Saturday February 16, 2013

KEITH WHITCOMB JR.

Staff Writer

SHAFTSBURY -- The State Environmental Court has ruled in favor of a proposed beagle club on East Road that had its zoning permit appealed by neighbors.

The Southern Vermont Beagle Club was granted a conditional use permit and site development plan by the Development Review Board on Aug. 31, 2011. According to the Environmental Court decision, issued Jan. 17 of this year by Environmental Court Judge Thomas G. Walsh, the decision was appealed that same day by Thomas and Jayne Outwater, who own property abutting the land where the beagle club is proposed to be built.

Walsh, in his decision, overturned the appeal and upheld the DRB’s decision to grant the permit application.

According to Walsh, the court conducted a site visit to the site of the proposed beagle club on Aug. 30, 2012, then held a two-day merits hearing. The Outwaters were represented by attorney Peter Holden, while attorneys James K. Malady III and Thomas Dailey represented the beagle club and the Estate of Robert Bucknell, which owns the property.

Walsh wrote that the Southern Vermont Beagle Club Inc. was officially formed as a non-profit in May 2011 and that it proposes to run its club at 1988 East Road on a patch of 62 acres with a possible 20 acres to be added through purchase. The club’s purpose is to train and condition dogs for rabbit hunting by allowing them to chase rabbits kept on the property.


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No dogs would be allowed overnight and the club would not operate past Vermont statutory hunting hours, which run from half an hour before dawn to half an hour after sunset.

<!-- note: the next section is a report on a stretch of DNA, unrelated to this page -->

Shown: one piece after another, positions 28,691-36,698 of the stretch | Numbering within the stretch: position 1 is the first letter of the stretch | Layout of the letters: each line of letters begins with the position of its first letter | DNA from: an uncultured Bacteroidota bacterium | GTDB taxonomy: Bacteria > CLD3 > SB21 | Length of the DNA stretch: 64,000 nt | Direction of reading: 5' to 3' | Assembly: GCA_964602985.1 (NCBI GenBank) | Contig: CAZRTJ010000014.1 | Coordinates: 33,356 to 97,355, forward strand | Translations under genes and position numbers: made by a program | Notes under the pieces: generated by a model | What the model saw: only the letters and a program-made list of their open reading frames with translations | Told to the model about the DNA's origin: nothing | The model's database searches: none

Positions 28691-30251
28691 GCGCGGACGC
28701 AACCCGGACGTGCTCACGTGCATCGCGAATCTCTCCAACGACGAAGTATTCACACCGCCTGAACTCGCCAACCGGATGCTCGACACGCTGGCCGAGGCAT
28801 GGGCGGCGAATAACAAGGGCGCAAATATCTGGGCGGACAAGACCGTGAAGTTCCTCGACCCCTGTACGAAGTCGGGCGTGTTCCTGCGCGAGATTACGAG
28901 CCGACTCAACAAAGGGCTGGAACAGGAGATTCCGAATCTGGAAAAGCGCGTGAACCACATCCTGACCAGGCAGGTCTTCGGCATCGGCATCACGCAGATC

Walsh wrote that rabbits tend to run in wide circles and beagles bark while chasing them. The club’s proposal does not call for new structures beyond a bridge over Furnace Brook, which splits the property, and a six-foot-high steel mesh fence that would encircle the property and divide it in two. This is to keep rabbits and dogs in and predators out. A 50-foot buffer zone between the fence and a wetland would be in effect. No more than twice a year, the club would hold field trials for the dogs which would involve the use of a starting gun no louder than a .22 caliber handgun but louder than a cap gun.

There would be no permanent sanitation facilities and the parking lot would be able to hold 20 cars maximum. The club does not plan on having more than 20 members or more than 24 dogs free on site at one time. Membership is by invitation only, according to the court’s findings.

Walsh wrote that the nearest proposed fencing would be 515 feet from the Outwaters’ home and 2,200 feet at the farthest. Flat land and the Furnace Brook are between them.

One of the elements of the Outwaters’ appeal was their claim they did not receive adequate notice of hearings the DRB held after its initial May 18, 2011 hearing. Walsh ruled that the DRB is required to publicly notice hearings but does not have to send special notice to interested parties if the hearings are continued.

Another element of the appeal concerned the club’s presence in a rural residential district. Walsh ruled that non-profits with approved site plans can be located in rural residential zones as per the town’s zoning bylaws.